On May 22, 2012, the Financial Industry Regulatory Authority (“FINRA”) fined Citigroup $35 million for alleged rule violations, including providing investors with inaccurate information in connection with several RMBS offerings.  Citigroup consented to the $35 million fine, but neither admitted nor denied FINRA’s findings.  FINRA found that between January of 2006 and October of 2007, Citigroup posted inaccurate performance data and static pool information on its website after receiving information indicating that the data was incorrect.  The agency further found that the errors in the information were significant enough potentially to have affected prospective investors’ assessments of six subprime and Alt-A RMBS offerings.  Additionally, the organization found that Citigroup failed to maintain required books and records and failed to supervise the pricing of certain CDO securities, violating, among other things, SEC Rules 17(a)-3(a)(8) and 17a-4.  AWC Letter.

European Financial Industry Developments

 

Upper Tribunal upholds FSA decision to ban and fine former UBS advisers

The Upper Tribunal (Tax and Chancery Chamber) has upheld an FSA decision to ban and fine two former UBS advisers in relation to an unauthorised trading scheme.  The FSA were directed to fine Sachin Karpe £1.25 million and Laila Karan £75,000 and ban them for performing any role in regulated financial services for failing to act with integrity, in breach of Principle 1 of the FSA's Statements of Principles and Code of Conduct for Approved Persons and for not being fit and proper persons as they lacked honesty and integrity.

Mr. Karpe was Desk Head of the Asia II Desk at UBS AG's international wealth management business in London.  He had carried out substantial authorised trading and made unauthorised transfers and loans between client accounts to conceal the losses.  Mr. Karpe was Ms. Karan's line manager.  She assisted him in concealing the unauthorised activity and prepared false attendance notes.  UBS paid compensation of over US$42 million to 21 customers who had suffered substantial losses as a result of the scheme.  Decision for Mr. Karpe.  Decision for Ms. Karan.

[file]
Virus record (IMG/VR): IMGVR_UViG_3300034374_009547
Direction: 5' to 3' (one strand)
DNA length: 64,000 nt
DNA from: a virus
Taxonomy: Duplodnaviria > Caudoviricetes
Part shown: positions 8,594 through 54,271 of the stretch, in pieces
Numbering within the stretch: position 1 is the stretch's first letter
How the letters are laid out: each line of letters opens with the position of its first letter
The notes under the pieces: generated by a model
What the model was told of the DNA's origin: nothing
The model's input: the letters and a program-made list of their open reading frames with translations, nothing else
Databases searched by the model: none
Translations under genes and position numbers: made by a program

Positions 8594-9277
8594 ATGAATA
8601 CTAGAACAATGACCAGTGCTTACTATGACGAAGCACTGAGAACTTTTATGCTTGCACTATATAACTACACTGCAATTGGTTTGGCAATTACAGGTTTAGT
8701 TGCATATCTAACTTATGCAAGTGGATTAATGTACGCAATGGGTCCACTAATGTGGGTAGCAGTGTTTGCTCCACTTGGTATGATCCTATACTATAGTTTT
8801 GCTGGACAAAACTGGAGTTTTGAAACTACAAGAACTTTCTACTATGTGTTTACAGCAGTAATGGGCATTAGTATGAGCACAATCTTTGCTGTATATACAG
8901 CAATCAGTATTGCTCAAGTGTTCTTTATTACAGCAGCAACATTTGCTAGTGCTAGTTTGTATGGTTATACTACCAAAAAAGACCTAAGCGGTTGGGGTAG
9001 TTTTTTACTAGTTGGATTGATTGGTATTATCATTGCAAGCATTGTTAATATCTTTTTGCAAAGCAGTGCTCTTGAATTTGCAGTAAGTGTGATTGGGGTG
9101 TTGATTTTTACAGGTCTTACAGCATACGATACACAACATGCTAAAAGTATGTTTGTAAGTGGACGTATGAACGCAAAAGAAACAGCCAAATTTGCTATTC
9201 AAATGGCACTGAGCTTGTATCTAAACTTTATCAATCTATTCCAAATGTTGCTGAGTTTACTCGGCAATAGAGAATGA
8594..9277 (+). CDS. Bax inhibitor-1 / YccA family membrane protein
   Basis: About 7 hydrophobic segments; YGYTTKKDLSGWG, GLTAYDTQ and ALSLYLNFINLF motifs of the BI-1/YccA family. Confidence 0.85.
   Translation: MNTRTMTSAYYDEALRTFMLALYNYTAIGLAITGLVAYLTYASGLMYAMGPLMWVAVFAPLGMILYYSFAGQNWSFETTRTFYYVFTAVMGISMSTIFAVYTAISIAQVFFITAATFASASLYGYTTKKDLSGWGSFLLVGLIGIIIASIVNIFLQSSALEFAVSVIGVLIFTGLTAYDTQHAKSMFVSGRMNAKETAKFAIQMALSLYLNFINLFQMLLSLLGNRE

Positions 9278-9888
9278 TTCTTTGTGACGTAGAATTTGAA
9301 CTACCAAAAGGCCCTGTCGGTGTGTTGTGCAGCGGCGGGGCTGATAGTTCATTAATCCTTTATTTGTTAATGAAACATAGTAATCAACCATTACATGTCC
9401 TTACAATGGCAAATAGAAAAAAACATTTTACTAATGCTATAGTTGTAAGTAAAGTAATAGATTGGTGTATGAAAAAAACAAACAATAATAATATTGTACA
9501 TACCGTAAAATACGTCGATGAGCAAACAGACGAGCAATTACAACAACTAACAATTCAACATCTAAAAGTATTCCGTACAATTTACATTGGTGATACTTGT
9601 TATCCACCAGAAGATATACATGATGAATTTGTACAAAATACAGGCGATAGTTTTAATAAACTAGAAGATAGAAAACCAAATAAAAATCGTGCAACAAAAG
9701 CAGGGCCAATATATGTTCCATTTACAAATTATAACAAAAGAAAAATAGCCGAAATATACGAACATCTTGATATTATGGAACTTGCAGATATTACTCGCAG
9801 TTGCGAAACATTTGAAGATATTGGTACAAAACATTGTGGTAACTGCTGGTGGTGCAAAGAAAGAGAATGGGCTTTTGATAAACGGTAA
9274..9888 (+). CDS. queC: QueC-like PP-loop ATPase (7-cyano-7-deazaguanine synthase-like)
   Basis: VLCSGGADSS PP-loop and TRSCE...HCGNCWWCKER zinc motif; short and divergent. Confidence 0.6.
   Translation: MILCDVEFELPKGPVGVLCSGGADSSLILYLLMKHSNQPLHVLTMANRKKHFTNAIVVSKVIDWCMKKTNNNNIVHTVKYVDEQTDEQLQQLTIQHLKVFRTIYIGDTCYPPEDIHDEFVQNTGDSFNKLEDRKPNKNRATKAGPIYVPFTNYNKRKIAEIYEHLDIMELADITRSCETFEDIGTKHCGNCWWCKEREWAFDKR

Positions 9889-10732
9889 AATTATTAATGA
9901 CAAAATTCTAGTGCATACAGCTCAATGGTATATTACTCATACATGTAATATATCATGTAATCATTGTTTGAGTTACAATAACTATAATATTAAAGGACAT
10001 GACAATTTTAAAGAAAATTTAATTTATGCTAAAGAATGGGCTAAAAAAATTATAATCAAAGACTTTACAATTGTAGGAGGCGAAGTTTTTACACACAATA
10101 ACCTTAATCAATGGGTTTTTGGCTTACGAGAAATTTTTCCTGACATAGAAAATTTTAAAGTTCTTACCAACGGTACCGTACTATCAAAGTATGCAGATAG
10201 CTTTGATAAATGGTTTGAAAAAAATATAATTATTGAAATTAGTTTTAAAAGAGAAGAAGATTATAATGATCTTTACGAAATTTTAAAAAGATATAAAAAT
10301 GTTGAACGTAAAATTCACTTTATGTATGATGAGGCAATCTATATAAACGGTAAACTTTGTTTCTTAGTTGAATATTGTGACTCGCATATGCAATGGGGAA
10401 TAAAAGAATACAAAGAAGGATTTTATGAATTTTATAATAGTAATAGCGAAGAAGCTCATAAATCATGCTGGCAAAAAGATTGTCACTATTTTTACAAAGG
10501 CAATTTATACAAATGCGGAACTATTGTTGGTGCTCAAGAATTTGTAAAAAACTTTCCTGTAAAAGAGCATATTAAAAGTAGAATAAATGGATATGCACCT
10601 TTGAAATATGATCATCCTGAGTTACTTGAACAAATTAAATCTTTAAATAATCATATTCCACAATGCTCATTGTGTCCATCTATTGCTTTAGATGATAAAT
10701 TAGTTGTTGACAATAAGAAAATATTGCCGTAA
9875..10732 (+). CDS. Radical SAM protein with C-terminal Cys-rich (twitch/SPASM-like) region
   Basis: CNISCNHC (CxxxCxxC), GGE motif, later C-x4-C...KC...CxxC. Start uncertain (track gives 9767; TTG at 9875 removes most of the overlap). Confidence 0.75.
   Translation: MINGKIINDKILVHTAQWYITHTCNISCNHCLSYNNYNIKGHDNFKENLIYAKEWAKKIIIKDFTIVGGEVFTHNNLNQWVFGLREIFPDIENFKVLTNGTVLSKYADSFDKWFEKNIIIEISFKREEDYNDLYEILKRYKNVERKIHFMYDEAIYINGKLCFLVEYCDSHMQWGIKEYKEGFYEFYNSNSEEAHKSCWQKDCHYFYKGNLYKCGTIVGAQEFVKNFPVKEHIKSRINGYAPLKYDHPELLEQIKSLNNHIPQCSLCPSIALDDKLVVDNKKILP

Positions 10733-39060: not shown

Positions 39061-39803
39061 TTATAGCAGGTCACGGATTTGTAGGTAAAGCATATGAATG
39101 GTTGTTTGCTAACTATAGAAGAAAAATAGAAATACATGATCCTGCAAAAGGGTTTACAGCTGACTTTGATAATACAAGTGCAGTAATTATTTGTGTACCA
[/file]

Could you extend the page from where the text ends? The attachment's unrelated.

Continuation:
Directive Amending Solvency II Transposition and Application Dates Published

On 21 May 2012, the European Commission published a legislative proposal for a directive to amend the Solvency II Directive.  The proposals extend the date by which Solvency II must be transposed by member states into national law from 31 October 2012 to 30 June 2013.  It also states that Solvency II will apply from 1 January 2014 (the application date) and Solvency I will no longer apply on this date.

The proposals were made as a result of delays in the adoption of the Omnibus II Directive and to allow a smooth transition into the new law under Solvency II.  The Commission has requested that the European Parliament and Council of the European Union adopt the proposed Directive urgently so that it can enter into force as soon as possible. Legislative Proposal.

European Parliament adopts legislative Resolution on Financial Transaction Tax

On 23 May 2012, the European Parliament approved an amended version of the European Commission’s proposal of 23 September 2011 for a Council Directive on a common system of financial transaction tax (FTT). The Resolution states that such a FTT should go ahead even if only some member states would opt for it.

The Resolution:

  • Retains the Commission proposal timetable: 31 December 2013 deadline for member states to adopt implementing laws and 31 December 2014 for entry into force of these laws.